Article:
These homemade dark chocolate truffles are gorgeously smooth and rich. Their firm texture gives way to a melty, silken, blissful chocolate experience as soon as you take a bite. Deceptively simple to make, truffles are great to make in bulk and make a beautiful little gift to drop off for your friends and family over the holidays.
The recipe is only 3 ingredients: dark chocolate, whipping cream, and butter. All you have to do is melt them together, scoop, and roll. Easy peasy with a big, chocolatey payoff.
Did you know that a truffle is actually just a thick ganache? It’s the same recipe I use to frost brownies and pour over bundt cakes. The ratio of cream to chocolate is all that changes (less for truffles, more for frosting).
Because the components are few and we aren’t adding sugar or flavorings, the quality of the chocolate is key. I avoid chocolate chips in something like this where the chocolate really shines. I buy Western Family 72% Dark Chocolate bars by the handful and use them in my baking. They are perfect for truffles.
The truffle-making method I use is very simple to execute, the only really important thing to remember is that when working with chocolate, we must avoid overheating or it can break and turn grainy. I use my microwave on 50% power and check the chocolate after two minutes. I give it a good stir and then continue in thirty-second intervals until the chocolate is only 80-90% melted. It’ll finish melting completely with a good whisking. Note that when you start whisking the mixture, it’ll go through a curdled-looking phase. This is totally normal. Just keep whisking until it comes together smoothly.
Arguably the hardest part is waiting for the ganache to firm up to a scoopable texture, about an hour (it depends on how deep your bowl – a shallow one cools faster). Note that refrigerating warm chocolate can make it turn a little bit white on top. It’s called bloom and it happens when we take chocolate through dramatic temperature changes. Totally safe, and in this case, the rolling and coating will make it disappear (so don’t worry if it happens!).
I then use a small cookie scoop to make even-sized truffles but a soup spoon does the trick. You’ll get about 16 truffles. The recipe does double or triple (or more!) well, but I recommend switching to a double-boiler for larger batches so you can stir constantly and avoid the hot spots you get in the microwave.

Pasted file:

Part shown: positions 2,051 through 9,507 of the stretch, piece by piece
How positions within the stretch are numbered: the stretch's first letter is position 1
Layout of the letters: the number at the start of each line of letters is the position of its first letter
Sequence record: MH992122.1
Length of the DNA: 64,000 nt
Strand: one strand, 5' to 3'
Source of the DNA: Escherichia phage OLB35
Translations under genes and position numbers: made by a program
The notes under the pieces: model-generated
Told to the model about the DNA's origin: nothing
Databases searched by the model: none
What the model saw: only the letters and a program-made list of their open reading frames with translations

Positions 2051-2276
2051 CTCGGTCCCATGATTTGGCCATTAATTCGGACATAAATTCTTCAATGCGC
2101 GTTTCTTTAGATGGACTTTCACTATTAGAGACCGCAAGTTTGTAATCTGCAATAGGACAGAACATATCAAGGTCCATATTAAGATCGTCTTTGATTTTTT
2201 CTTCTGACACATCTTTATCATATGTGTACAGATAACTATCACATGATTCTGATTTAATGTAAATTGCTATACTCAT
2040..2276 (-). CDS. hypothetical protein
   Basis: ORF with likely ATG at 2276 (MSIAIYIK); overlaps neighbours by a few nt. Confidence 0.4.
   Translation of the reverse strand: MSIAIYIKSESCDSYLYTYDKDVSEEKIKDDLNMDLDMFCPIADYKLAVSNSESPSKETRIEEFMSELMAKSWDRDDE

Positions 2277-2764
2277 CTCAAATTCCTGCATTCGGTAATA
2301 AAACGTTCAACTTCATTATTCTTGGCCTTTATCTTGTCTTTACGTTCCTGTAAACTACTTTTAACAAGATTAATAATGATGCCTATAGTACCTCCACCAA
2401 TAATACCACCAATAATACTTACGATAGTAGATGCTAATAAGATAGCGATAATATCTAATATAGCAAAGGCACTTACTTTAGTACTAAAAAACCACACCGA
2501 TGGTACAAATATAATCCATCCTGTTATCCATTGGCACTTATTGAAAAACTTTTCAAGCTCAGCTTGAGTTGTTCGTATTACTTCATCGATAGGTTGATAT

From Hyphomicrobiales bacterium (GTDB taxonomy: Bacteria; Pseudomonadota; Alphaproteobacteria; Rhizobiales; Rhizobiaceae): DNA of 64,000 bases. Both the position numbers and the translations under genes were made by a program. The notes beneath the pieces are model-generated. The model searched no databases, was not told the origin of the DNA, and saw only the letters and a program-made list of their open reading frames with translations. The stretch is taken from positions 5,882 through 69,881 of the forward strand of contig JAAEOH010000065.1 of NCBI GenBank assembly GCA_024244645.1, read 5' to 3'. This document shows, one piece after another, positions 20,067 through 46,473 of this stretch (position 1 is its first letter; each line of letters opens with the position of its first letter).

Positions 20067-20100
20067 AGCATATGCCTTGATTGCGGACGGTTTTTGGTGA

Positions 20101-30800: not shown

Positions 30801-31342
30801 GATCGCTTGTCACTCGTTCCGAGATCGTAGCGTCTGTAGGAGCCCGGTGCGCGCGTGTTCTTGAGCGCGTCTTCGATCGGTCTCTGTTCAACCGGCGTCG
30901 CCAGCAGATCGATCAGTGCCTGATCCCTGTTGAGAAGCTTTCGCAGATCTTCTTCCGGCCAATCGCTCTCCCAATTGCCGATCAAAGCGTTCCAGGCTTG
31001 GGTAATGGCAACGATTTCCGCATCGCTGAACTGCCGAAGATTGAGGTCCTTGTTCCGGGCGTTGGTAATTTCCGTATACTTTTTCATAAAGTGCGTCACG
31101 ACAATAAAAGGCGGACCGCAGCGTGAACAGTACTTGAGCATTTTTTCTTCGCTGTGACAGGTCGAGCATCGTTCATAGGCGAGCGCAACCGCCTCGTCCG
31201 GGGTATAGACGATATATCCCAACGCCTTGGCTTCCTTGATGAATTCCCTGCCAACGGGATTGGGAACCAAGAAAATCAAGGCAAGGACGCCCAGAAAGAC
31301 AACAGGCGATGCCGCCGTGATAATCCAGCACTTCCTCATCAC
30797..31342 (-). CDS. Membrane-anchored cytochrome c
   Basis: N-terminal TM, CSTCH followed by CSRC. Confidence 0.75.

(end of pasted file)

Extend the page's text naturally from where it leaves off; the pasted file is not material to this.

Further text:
After scooping equal-sized portions of the mixture, I prepare the topping.
Cocoa powder is a classic truffle coating but you can really go wild here. Finely-chopped pistachios are a beautiful green for the holidays, as is matcha powder. My kids love it when I roll them in chocolate cookie crumbs. Toasted coconut for the coco lovers is great, or pulverized candy canes for the mint lovers (I just sift them to get rid of the dustiest crumbs).
First, I roll the truffles between my palms to form balls. They are lumpy. This is part of the homemade appeal. Then I simply drop them into the bowl of cocoa powder one at a time and use a fork to toss them around until coated. I’m not going to lie, this part is very messy. You will have ganache hands and a cocoa-covered counter. This is a job the kids ADORE! If you’ve got ‘em, I suggest letting them get messy with you and take pictures of your chocolate-monster fingers. (Or… maybe ask someone else to take the pic, otherwise, you’ll have a chocolate-monster phone, too.)
To give as a gift, I tuck truffles into mini muffin cups and arrange them in little Christmas tins. They make a thoughtful and almost obscenely delicious surprise. If you are just making them gift yourself (no judgment from me), layer the truffles between sheets of waxed or parchment paper in an airtight container. They’re good at room temperature for 2-3 days, refrigerated for a week, or frozen for up to 3 months.
To truly appreciate the silky, groan-worthy chocolate truffle experience, bring them fully to room temperature before serving. They melt immediately with the warmth of the tongue.
Easy Dark Chocolate Truffles Recipe
- 2/3 cup whipping cream
- 8 oz/225 g Western Family 72% dark chocolate bars, chopped
- 4 tbsp unsalted butter
- 1/3 cup unsweetened cocoa powder for topping
- Place cream, chocolate, and butter in a large microwave-safe bowl. Heat on medium power for 2 minutes. Stir and repeat for 30 second intervals (up to 1 minute more) until just a few lumps remain. Whisk vigorously until smooth. Chill until firm enough to scoop, an hour or more.
- Place cocoa in a shallow bowl.
- Scoop chocolate mixture by heaping tablespoonfuls and roll between palms to form balls. Roll in cocoa powder.
- Layer truffles between sheets of parchment paper and refrigerate in an airtight container for up to one week or freeze up to 3 months. Best served at room temperature.
Makes about 16 truffles.
-Author Jennifer Pallian @foodess
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